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Harvard Kennedy School, Cambridge, MA
Hilton Root’s Network Origins of the Global Economy contributes unique new perspectives for understanding the political economy of institutional change. In Root’s signature fashion, network science and complex systems thinking is applied to explore the evolution of political power structures in Europe and China, linking them to contemporary realities in the international arena. He leads us through a fascinating journey, combining economic history, institutional analysis and network science, that explores the evolution of the power structures of the historical regimes of Europe and China. Readers not familiar with the historical contexts of the European and Chinese political system, will find plenty of context in the rich narrative which draws on a deep understanding of the traditional literature in economic history and institutions.
In comparing Chinese and European political power structures at the systems level, Root’s main argument is that China’s centralized hub and spoke model while efficient is more brittle, whereas Europe’s seemingly messy but evenly matched and perpetually competing power brokers induced greater resilience. The multi-level analysis of power structures as networks adds rich insight on key factors relevant for today’s international order, such as stability at the level of the international system. He makes a strong case for why understanding the anatomy of power structures, in this case through network science, is critical for sensing expected outcomes related to the pace of evolution and stability. Besides theorizing how these structures get created, what factors push their evolution and how their stability is determined, and then elaborating them through historical examples, Root also introduces new analytical tools for political economists and policy wonks.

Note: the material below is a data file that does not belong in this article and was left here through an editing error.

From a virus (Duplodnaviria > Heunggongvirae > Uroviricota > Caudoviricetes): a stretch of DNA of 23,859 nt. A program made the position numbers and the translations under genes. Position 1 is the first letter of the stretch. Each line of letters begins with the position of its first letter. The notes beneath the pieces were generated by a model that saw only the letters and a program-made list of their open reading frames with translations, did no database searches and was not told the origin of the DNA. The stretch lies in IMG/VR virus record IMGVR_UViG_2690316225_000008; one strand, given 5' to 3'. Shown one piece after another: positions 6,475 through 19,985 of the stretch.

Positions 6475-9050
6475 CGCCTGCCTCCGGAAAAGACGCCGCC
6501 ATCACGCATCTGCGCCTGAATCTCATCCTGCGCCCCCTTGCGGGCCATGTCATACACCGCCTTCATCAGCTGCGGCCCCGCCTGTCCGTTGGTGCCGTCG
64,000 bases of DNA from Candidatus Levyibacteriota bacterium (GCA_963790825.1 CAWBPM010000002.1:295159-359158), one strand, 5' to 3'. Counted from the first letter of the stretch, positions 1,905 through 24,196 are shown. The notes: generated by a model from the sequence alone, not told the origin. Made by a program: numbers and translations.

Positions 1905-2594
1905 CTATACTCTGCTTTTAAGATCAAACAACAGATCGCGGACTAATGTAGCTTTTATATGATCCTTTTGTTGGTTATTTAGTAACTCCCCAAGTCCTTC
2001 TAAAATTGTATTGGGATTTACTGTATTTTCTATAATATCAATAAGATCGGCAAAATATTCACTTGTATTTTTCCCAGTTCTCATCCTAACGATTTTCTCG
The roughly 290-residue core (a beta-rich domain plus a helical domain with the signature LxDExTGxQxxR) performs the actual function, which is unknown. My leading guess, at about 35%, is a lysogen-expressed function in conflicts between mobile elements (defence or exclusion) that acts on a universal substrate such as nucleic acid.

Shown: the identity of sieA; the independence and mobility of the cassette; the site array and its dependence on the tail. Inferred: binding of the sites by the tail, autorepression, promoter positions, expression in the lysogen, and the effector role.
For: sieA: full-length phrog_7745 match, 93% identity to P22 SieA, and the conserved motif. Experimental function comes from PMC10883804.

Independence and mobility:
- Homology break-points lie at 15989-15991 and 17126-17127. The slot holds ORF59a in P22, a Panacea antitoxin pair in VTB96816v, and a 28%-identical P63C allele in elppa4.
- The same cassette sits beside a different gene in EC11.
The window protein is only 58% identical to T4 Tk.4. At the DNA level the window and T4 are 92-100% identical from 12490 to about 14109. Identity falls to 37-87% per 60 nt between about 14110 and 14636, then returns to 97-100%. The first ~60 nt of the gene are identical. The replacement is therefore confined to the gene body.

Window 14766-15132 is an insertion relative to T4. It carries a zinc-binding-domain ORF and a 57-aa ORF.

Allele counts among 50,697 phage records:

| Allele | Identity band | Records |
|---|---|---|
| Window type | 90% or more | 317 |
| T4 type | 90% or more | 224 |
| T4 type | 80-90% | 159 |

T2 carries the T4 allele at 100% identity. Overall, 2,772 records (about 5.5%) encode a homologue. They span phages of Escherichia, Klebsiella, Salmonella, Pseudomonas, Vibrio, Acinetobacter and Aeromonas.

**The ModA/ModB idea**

The social simulation community will find many opportunities for theory-building and hypothesis testing on foundational issues in political economy that could also shed light on contemporary policy debates. Applying computational methods and simulation to the robust theoretical underpinning offered here, it would be possible to create rules of interaction among agents and then test observations of system-level outcomes against predictions. Multiagent models could be constructed to explore how components of the system evolved into their current forms. Such models could add rich new insights into the stability of China’s growth miracle or potential for Europe to accelerate innovation and thus economic progress. For example, Root’s exposition of how Europe’s fragmented power centers created system level resilience could be further explored by creating multiple layers of agents, and exploring the specific interactions to determine what conditions create system resilience. We can also ask as China asserts its economic dominance around the globe, will its internal power structures have the resilience to withstand shocks, such as economic crises or pandemics? Readers will see that viewing China’s evolution into a market economy through a cold war lens is both inadequate and misleading.
In Network Origins, Root has made another strong contribution to showcase ways in which complex systems thinking and network science in particular can be deployed to refresh longstanding debates on major questions in political economy and economic transformation. If further developed by multi-agent modelers in the social simulation community, some of his key ideas could become the foundations for further hypothesis generation and theory building, which could in turn enrich ongoing academic debates.
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